You’ve got a piece written and revised to your satisfaction.

Now, pull on the “picky editor’s coat.” Get your tool kit out (colored pens and highlighters). It’s time to dissect your piece – sentence by sentence, word by word.

A few weeks ago, I asked a fellow writer to read the first 15 pages of the novel I’m working on. I planned to send it off to a contest; I thought it was ready. She was honored that I had thought highly enough to ask her opinion; I valued her opinion.

She emailed me some comments, but she also asked if I was looking for a deeper critique. I sent the email back. I wanted to know what she thought needed improvement. She was delightfully brutal and honest. I had too many telling sentences, too many passive sentences, and too many places where I could have chosen a more powerful word.

Why am I telling you this? Because, even though I have taught writing, grammar, and mechanics; I don’t always see what needs improvement in my writing without using the tools I will be sharing here.

There are three concepts to master to dissect/edit your writing at this stage.



If you have done any reading about writing and editing, you may have come in contact with the phrase “show, don’t tell.”

SHOW: Dark clouds slowly drifted over the mountain. Lightening illuminated each individual cloud. I counted to ten before I heard the first rumbles of thunder.

Most readers are savvy enough to realize that a storm is approaching.

TELLING: There was a storm coming.

When you show your readers what the world is like and what is going on, you allow them to link to your writing. If I had a circle of people listening as I read the “show” example, each person would draw to mind a specific storm and how they felt. This feeling can help them relate, positively or negatively, to a character or situation.

If I simply tell them a storm is coming, I rob them from experiencing the story as it unfolds.

EXERCISE: Pick up one of your favorite books, and re-read the first couple of pages. Does it allow you to experience the story? Does it draw you in? Or does it simply tell you what is happening?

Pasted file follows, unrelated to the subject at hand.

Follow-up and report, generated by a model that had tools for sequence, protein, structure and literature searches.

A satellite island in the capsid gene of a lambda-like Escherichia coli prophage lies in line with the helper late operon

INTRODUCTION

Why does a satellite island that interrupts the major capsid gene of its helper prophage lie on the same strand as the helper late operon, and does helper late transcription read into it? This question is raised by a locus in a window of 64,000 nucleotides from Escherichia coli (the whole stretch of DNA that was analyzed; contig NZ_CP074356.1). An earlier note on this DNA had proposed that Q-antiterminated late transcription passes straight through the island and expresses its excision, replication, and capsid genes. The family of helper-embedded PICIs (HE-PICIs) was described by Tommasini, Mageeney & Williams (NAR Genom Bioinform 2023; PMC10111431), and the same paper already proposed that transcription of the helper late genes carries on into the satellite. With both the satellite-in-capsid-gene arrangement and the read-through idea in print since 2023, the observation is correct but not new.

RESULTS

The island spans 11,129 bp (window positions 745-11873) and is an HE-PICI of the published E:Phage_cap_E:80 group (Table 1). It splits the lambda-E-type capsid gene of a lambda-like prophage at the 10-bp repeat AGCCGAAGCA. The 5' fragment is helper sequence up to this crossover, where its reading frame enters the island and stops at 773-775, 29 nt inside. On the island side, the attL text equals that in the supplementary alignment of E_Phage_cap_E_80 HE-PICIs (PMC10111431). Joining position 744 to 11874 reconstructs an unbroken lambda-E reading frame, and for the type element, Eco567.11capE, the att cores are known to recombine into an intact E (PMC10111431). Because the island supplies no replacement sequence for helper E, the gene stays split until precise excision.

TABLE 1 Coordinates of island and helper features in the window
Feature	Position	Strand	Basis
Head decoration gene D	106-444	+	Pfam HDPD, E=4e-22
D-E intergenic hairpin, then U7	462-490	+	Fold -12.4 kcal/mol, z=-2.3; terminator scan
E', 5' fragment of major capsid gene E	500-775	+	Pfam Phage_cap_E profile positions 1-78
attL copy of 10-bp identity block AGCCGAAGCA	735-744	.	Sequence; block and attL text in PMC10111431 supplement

Another concept of today’s storytelling is that you should draw your reader along the path of the story by using active sentence structures rather than passive sentence structures.

“What?” you shriek, “I have to recognize different sentence structures?”


ACTIVE: Sally baked a cake for John’s birthday party.

PASSIVE: A cake for John’s birthday party was baked by Sally.

In an “active” sentence, the subject does the verb.

In many cases showing requires a writer to use active sentence structures.



Let’s face it, some words are just more powerful than others. They allow the reader to develop a more precise image or video of what a writer is trying to say. Using powerful, precise verbs (words that identify action and state of being) and nouns (names of people, places, things, and ideas) helps a writer to eliminate the need for overusing adjectives and adverbs (words that describe).

Max walked down the road. (So many questions I want to ask here.)

Max walked quickly down the road. (Quickly, an adverb, wouldn’t be needed if a stronger verb was used.)

Try these on for size –

Max meandered down the road. (Meander = a slower pace where someone is observing things as they go.)

Max strutted down the road. (Strutted = gives the impression that Max feels good about himself – good to the point of bragging.)

Oh, the power of words.


Are you ready? Do you have a couple of highlighters and colors of pens?

Let’s get started. It identification is easier than the corrections.